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About the Book

Beyond the Book

296 pp., 6.125 x 9.25, 32 halftones, notes, bibl., index

John Brown Still Lives!

America’s Long Reckoning with Violence, Equality, and Change


From his obsession with the founding principles of the United States to his cold-blooded killings in the battle over slavery's expansion, John Brown forced his countrymen to reckon with America's violent history, its checkered progress toward racial equality, and its resistance to substantive change. Tracing Brown's legacy through writers and artists like Thomas Hovenden, W. E. B. Du Bois, Robert Penn Warren, Jacob Lawrence, Kara Walker, and others, Blake Gilpin transforms Brown from an object of endless manipulation into a dynamic medium for contemporary beliefs about the process and purpose of the American republic.

Gilpin argues that the endless distortions of John Brown, misrepresentations of a man and a cause simultaneously noble and terrible, have only obscured our understanding of the past and loosened our grasp of the historical episodes that define America's struggles for racial equality. By showing Brown's central role in the relationship between the American past and the American present, Gilpin clarifies Brown's complex legacy and highlights his importance in the nation's ongoing struggle with the role of violence, the meaning of equality, and the intertwining paths these share with the process of change.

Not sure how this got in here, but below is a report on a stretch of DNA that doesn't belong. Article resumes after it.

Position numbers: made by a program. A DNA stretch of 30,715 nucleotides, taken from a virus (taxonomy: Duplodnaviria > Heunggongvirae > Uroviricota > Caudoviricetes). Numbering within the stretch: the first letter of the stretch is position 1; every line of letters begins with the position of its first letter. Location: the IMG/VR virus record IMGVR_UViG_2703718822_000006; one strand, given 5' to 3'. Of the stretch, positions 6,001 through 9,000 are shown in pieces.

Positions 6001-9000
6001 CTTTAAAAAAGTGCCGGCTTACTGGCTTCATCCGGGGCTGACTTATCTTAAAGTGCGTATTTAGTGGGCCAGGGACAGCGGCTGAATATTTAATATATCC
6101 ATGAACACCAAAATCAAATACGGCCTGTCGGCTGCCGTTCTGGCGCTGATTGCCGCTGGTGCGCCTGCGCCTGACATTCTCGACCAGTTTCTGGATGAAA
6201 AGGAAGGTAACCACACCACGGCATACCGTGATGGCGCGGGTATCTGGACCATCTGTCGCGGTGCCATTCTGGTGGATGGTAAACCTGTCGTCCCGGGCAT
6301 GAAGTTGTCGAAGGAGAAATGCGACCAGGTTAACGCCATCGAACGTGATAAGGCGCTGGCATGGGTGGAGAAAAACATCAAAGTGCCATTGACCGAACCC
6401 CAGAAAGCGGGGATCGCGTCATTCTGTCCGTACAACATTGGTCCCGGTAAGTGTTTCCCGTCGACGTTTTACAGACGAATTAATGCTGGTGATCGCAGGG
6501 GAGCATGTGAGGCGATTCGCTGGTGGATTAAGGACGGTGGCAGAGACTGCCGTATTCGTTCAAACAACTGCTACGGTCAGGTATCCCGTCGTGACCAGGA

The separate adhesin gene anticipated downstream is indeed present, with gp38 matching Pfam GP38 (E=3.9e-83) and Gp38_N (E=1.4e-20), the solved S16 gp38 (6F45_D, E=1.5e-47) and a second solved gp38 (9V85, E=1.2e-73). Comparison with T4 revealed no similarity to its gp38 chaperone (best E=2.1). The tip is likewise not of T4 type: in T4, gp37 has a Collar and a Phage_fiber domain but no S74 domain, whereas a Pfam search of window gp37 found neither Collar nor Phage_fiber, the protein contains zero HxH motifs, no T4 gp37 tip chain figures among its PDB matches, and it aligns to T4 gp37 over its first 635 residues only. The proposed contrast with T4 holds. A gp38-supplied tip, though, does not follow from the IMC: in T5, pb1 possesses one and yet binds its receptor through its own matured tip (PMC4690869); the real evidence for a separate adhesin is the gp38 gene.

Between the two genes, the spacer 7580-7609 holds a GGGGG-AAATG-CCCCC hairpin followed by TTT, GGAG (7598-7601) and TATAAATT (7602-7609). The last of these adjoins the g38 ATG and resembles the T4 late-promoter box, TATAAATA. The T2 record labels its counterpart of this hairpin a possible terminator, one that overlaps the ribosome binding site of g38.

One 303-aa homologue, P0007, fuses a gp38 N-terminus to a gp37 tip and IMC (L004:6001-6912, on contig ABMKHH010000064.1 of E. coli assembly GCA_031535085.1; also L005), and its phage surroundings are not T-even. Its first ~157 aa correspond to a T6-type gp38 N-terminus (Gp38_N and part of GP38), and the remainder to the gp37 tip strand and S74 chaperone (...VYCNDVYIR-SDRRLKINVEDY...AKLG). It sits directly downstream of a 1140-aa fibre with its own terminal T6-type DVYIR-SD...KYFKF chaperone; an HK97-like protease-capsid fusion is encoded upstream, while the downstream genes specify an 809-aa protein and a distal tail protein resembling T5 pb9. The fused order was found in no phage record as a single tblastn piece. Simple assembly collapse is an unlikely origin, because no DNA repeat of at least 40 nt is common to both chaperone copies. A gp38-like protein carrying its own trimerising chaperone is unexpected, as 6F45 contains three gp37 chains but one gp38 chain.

About the Author

R. Blakeslee Gilpin is visiting assistant professor of history at the University of South Carolina. He is a past fellow at the United States Studies Centre at the University of Sydney and at the Center for the Study of the American South at the University of North Carolina at Chapel Hill.


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